From a product innovation perspective – are you developing in features from the highest and lowest levels? What are the high impact:low development efforts underway, and what could be added. Product and innovation requires views on the long and short run – to often we make complexity because we are able to handle complexity, when sometimes the user really only needs something less complex.

Leadership requires action:

Simply acknowledging the risks and accepting the situation does not prevent disastrous outcomes.


 

What is Battlefield Leadership and what is this series about … 

As part of my pursuit to learn and grow, I sought out the excellent management training team at Battlefield Leadership. I am professionally leveraging this across multi-million dollar projects I am overseeing (currently I am the lead executive building global compliance and security programs specifically in the online services / cloud leader space). Personally I am bringing these lessons to bear within my pursuits to cross the chasm. To often I see brilliant technical individuals fail to communicate to very smart business leaders and to the common person on the street. My new bookHow Not to be hacked seeks to be a first step in bringing deep information security practices beyond the technologist.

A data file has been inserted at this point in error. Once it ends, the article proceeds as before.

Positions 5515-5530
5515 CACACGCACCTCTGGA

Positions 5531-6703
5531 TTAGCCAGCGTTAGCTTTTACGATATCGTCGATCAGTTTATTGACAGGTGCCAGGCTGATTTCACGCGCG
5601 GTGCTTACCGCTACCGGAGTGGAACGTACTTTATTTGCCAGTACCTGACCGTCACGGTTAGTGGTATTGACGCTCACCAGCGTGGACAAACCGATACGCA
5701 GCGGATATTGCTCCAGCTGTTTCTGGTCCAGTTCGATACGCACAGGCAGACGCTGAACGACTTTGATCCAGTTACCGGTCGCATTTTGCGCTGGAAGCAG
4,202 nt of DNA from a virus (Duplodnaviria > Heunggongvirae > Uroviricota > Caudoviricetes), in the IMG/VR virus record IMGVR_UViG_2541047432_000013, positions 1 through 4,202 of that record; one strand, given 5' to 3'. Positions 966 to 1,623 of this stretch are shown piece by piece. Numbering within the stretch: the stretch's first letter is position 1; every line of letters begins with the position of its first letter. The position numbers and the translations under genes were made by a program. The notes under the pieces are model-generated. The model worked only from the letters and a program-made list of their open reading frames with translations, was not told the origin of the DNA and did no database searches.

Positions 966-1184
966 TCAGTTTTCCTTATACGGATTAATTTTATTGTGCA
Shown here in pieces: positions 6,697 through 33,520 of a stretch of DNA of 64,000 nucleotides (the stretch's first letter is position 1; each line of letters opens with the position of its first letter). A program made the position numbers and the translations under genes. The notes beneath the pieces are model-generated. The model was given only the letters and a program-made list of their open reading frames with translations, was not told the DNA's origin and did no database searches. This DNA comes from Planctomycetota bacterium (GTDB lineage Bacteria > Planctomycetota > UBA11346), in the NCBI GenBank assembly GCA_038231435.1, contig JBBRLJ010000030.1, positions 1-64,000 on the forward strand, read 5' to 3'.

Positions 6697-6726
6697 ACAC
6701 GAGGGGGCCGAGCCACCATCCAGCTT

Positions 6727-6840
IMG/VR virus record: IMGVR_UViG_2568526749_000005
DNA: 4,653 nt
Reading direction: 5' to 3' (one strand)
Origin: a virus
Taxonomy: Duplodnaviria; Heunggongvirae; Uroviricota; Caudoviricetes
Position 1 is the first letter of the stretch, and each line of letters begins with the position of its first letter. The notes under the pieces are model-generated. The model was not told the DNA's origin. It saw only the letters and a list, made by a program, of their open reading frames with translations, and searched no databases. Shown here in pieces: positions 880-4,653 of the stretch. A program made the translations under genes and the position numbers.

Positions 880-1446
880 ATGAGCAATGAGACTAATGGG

Most exciting the Battlefield group for this training placed it in Normandy France. This allowed for senior executives to be trained in a setting where serious decisions were placed by both sides, and each provided a lesson. This series represents my notes (that I could take down) and takeaways. I share to continue the conversation with those great individuals I met, and with the larger community.

Kind regards,

James